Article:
But her ascendance as a Toronto tastemaker coincided with turmoil in her personal life, writes Morton, who notes Markle married producer Trevor Engelson in September 2011 just before shooting the second season of “Suits.”
Her nine-month commitments in Canada meant long stretches of time apart, and it was a Vitamix blender that symbolized their growing divide.
“She insisted that her favourite kitchen appliance from their West Hollywood home come with her to Toronto… even though it would have been just as easy to buy a new one,” he writes. “It sat on the kitchen counter in the Toronto house, a material reminder that her home was no longer in Los Angeles.”
The marriage ended in 2013, and was followed by a two-year romance with local celebrity chef Cory Vitiello, further entrenching Markle in a circle of Toronto movers-and-shakers that included marketing and bridal consultant Jessica Mulroney.
Hilda Andrade says she was a frequent follower of Markle’s social media posts, and was delighted to see her involvement with Reitmans.
“I think she brought some freshness to that and some good colours. There was also clothing for those a little bit more chunky like myself and that actually would fit, it was nice,” says Andrade, who works at the University of Toronto and admits to being on the lookout for Markle.
“She brought some good vibes to the area and (back) then a lot of people would say, ‘Meghan this,’ ‘Meghan that.'”
Buzz only intensified when Prince Harry confirmed the royal romance in November 2016.
By the time Toronto hosted Prince Harry’s beloved event for wounded military personnel, the Invictus Games, in September 2017, “things just went thermonuclear,” Treble says.
“Because he was here for an extended period of time and the entire British royal press was here, and so everyone was waiting and trying to see: Would they go out in public? Would they be seen together? And when they were, that just became news that rocketed around the world,” she says.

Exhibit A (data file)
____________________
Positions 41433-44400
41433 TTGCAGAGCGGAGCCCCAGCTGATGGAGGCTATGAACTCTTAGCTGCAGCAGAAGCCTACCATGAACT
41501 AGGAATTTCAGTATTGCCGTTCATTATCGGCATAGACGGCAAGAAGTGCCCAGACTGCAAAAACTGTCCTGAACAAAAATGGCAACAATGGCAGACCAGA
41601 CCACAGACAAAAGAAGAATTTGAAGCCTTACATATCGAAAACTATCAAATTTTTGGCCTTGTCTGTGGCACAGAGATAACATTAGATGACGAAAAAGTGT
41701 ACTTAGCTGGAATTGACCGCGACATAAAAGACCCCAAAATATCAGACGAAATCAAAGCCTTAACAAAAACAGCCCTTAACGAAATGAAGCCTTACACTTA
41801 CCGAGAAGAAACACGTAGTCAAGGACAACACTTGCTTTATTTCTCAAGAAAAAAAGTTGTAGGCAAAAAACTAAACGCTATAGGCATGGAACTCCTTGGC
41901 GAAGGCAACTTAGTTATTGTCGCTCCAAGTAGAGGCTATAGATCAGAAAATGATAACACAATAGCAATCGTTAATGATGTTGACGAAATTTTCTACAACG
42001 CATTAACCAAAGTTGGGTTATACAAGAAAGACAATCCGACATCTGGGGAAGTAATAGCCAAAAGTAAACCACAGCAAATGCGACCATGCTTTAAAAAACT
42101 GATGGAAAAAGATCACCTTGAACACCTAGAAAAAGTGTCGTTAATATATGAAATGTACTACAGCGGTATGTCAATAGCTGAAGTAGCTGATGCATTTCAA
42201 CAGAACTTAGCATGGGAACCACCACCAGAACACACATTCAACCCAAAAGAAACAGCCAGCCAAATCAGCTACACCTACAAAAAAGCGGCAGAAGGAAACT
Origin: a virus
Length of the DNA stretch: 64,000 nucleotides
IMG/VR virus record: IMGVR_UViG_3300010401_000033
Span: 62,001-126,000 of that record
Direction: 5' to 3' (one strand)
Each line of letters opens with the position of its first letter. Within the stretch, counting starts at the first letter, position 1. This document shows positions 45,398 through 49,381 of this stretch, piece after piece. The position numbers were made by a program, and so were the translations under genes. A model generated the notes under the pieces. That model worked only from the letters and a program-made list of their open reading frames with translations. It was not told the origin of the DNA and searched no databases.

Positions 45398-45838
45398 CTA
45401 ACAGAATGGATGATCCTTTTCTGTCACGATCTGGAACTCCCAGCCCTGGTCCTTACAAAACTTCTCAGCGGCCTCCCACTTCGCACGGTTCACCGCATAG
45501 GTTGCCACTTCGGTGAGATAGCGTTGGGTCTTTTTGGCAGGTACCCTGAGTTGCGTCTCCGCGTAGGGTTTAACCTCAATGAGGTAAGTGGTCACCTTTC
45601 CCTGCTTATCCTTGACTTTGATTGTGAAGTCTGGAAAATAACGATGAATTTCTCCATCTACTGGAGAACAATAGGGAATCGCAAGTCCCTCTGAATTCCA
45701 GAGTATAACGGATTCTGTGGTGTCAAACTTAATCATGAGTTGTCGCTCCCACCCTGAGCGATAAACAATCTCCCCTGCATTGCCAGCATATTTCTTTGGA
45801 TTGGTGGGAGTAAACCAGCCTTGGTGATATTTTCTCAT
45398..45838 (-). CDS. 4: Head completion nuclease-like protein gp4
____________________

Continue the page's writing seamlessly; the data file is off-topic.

“I think what caught everyone off guard was just how quickly the romance has blossomed, how quickly they announced their engagement.”
Even 10-year-old Velda Armstrong got caught up in royal fever, recalling the time last spring she scrambled to a park in the Annex neighbourhood when she thought she caught a glimpse of the prince.
The grade schooler says she and her friend took a moment to practise their curtsy (her friend also changed into heels) before dashing back to the park, only to find him gone.
“He has red hair just like me,” says Armstrong. “I just find it’s interesting, what royals wear, and also I saw a video on YouTube about the royals and their kids.”
Babiak says the city was certainly energized and is still reeling from the buzz of Markle’s time here.
“Even those people who didn’t want to admit it were pretty excited about it,” she insists of the royal romance’s lasting impact.
“It kind of makes life a little bit more interesting. You never know who you might run into when you take a walk.”
Cassandra Szklarski, The Canadian Press